What's the bottom line? 13.4% is better than 6.4%, but there are still way too many smokers. Any intervention, including this simple assessment of lung age, which can help smokers quit is extremely valuable. Why? Because there's a lifetime of good living waiting - if you're healthy enough to grab hold of it.

So, come on. Give those achy lungs a break. Take a walk, get some fresh air. You may be surprised at just how enjoyable life post-cigarettes can be.

To read more about the study, see this from Reuters. To read the entire study, see this from the British Medical Journal. For young smokers, see this previous blog post, which reports damaged arteries quickly return to normal when you quit smoking.

Friday, March 14, 2008

Vitamins No Protection Against Lung Cancer

news you may not knowDon't Be Shy - Try Some...

Do you smoke? If so, you may be among those trying to offset the negative effect by taking vitamins. Many smokers, and ex-smokers, take various vitamins to ward off the impact of the dreaded cigarette. But, sadly, it may be too little too late.

Researchers at the University of Washington in Seattle found that vitamins offer no protection against lung cancer. They studied over 75,000 people, ages 50 to 76, to assess the impact of vitamins and supplements on lung cancer. They specifically looked at multivitamins, vitamin C, vitamin E, and folate. Though they may offer other health benefits, these vitamins did not reduce the risk of lung cancer.

The news was even less encouraging for one of the vitamins. The study found that taking high doses vitamin E actually increased the risk of developing lung cancer. This was especially true for smokers.

The study also found that the majority of those who developed lung cancer were either smokers or ex-smokers. Hmm... No surprise there. The researchers note that eating foods rich in these vitamins have been shown to reduce the risk of cancer.

What's the bottom line? Well, step one is to stop smoking. Use the patch, chew some gum, lock yourself in a padded room - just get it done. Then pick up some food. Real food, like a piece of fruit or some veggies. Your body will thank you.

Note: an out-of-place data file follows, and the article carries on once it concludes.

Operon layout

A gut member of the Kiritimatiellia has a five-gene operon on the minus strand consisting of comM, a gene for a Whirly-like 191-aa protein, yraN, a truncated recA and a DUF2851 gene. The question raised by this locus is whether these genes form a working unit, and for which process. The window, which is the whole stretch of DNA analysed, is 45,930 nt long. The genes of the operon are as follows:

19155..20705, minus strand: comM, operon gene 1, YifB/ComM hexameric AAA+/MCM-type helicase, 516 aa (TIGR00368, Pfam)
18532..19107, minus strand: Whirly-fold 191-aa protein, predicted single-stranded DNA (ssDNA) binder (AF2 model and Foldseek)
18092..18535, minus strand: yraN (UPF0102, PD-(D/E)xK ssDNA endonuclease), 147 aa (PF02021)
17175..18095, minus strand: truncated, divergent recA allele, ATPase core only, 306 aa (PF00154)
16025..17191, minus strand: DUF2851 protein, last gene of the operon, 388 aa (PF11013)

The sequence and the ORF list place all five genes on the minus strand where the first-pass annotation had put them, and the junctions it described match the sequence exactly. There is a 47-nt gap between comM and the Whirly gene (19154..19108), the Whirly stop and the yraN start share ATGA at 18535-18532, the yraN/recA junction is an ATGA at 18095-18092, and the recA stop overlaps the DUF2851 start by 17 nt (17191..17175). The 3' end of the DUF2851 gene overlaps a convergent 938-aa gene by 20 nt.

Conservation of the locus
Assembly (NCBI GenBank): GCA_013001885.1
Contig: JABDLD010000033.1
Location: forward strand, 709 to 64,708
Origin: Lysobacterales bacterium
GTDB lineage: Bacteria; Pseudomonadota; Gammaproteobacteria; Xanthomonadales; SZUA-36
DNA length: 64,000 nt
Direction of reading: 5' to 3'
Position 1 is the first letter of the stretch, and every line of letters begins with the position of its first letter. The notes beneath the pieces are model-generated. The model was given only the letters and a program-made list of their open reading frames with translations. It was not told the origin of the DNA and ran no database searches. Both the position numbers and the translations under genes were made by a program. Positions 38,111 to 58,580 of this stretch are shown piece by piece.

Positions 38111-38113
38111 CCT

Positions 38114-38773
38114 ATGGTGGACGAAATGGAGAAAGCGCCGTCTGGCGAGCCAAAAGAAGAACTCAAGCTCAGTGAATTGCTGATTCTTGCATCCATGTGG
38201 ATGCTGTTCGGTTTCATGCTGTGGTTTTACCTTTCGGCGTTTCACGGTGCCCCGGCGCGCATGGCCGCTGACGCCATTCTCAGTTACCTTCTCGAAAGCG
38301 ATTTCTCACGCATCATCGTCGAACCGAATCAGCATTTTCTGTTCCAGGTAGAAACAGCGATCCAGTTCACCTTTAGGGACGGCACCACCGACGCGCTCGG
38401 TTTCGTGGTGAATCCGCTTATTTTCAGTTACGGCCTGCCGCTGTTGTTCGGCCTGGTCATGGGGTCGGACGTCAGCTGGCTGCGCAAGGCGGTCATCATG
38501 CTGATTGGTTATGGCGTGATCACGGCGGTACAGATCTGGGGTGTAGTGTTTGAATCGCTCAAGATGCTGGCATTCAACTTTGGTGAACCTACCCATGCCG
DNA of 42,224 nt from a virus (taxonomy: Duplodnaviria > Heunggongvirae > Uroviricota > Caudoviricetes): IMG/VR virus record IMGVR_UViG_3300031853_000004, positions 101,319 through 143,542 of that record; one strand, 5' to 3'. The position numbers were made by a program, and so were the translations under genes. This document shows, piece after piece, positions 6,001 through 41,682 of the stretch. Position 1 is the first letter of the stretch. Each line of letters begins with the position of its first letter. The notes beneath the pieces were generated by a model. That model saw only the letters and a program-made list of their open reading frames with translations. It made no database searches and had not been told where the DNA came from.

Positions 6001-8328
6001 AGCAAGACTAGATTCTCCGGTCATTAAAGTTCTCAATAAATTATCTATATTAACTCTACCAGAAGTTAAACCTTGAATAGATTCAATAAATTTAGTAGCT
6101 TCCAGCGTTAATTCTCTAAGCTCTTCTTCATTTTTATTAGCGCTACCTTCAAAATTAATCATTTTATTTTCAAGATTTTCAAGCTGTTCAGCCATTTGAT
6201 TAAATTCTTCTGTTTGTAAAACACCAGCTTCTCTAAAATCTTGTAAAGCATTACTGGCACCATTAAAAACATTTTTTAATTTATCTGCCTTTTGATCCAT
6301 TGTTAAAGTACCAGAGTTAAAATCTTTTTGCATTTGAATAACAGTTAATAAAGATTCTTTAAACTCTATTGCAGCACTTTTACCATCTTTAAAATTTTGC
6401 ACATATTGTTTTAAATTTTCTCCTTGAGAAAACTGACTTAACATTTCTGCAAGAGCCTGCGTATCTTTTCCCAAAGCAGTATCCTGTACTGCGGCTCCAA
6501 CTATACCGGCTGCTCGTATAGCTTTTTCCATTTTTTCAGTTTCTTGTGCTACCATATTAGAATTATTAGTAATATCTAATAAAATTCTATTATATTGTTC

To read more about the study, see this from Reuters. To learn more about eating whole, healthy foods, see this from The World's Healthiest Foods.

Wednesday, March 12, 2008

Need Energy? Get Off the Couch!

tidbits that tantalizeCouch Free Zone...

Are you a basketball fan? If so, you already know what time of year it is - March Madness! Woohoo! What better excuse is there to move the refrigerator into the family room, plop down on the couch and settle in for, oh, a good three or four weeks? Not a sports fan? No problem. There are countless couch related activities that will suit your persona. After all, this is the golden age of cable television. You love crocheting? There's a channel for that.

That's exactly the problem.

There is sufficient opportunity for everyone to become a steadfast couch potato. Then the downward spiral begins. Sitting on the couch causes people to become less fit and less energetic. As they lose their physical tone they're less likely to exercise, resulting in a further decrease in fitness and energy. It's a tough cycle to break.

But, researchers at the university of Georgia say it can be broken. Their study finds that sedentary people who get off the couch, and exercise even a modest amount, both reduce fatigue and boost energy. It's really quite terrific news.

These are simple steps everyone can take. The benefits are experienced from only 20 minutes of exercise, completed just three days per week. And, the study actually found that low intensity exercise helped more than intense exercise. The researchers believe people who are sedentary may simply become overly tired if their initial efforts are too strenuous.

20 minutes - 3 times per week.

It's really quite doable. There are also other benefits to be derived.

"Exercise traditionally has been associated with physical health, but we are quickly learning that exercise has a more holistic effect on the human body and includes effects on psychological health," said researcher Tim Puetz. "What this means is that in every workout a single step is not just a step closer to a healthier body, but also to a healthier mind."

A healthier body and mind... Come on - it's worth it. Get off the couch today!

To read more about the study, see this from Reuters. To read more about the benefits of exercise, see this from the Mayo Clinic.

Monday, March 10, 2008

Google Gets Personal With Medical Records

news you may not knowThis Could Get Tricky...

It's a huge problem. Unless you're incredibly healthy, or simply refuse to see the doctor, you've got records. Medical records, x-rays, lab tests, charts, doctor's notes, annotations, and pages and pages of miscellaneous scribbles. The problem is how to manage them.

How do you get your records from here to there? Well, it usually means a phone call, or a fax to authorize release, or a letter, or a visit in person. Then, it's on to the next provider, and the next, ad infinitum. There's got to be a better way, don't you think?

Google thinks so too. In their quest to set all things digital in order, Google has turned to the complicated arena of personal medical records with the launch of Google Health. While others, including Microsoft and former AOL's Steve Case, have already entered the fray, Google's entry is causing quite a stir.

They've teamed up with some heavy hitters in the health care field, including the prestigious Cleveland Clinic. The goal is to establish a private electronic collection site for medical records. The site will be password protected and access controlled by the patient. If all works according to plan, the process of forwarding medical records in the future will be as simple as a few clicks of the mouse.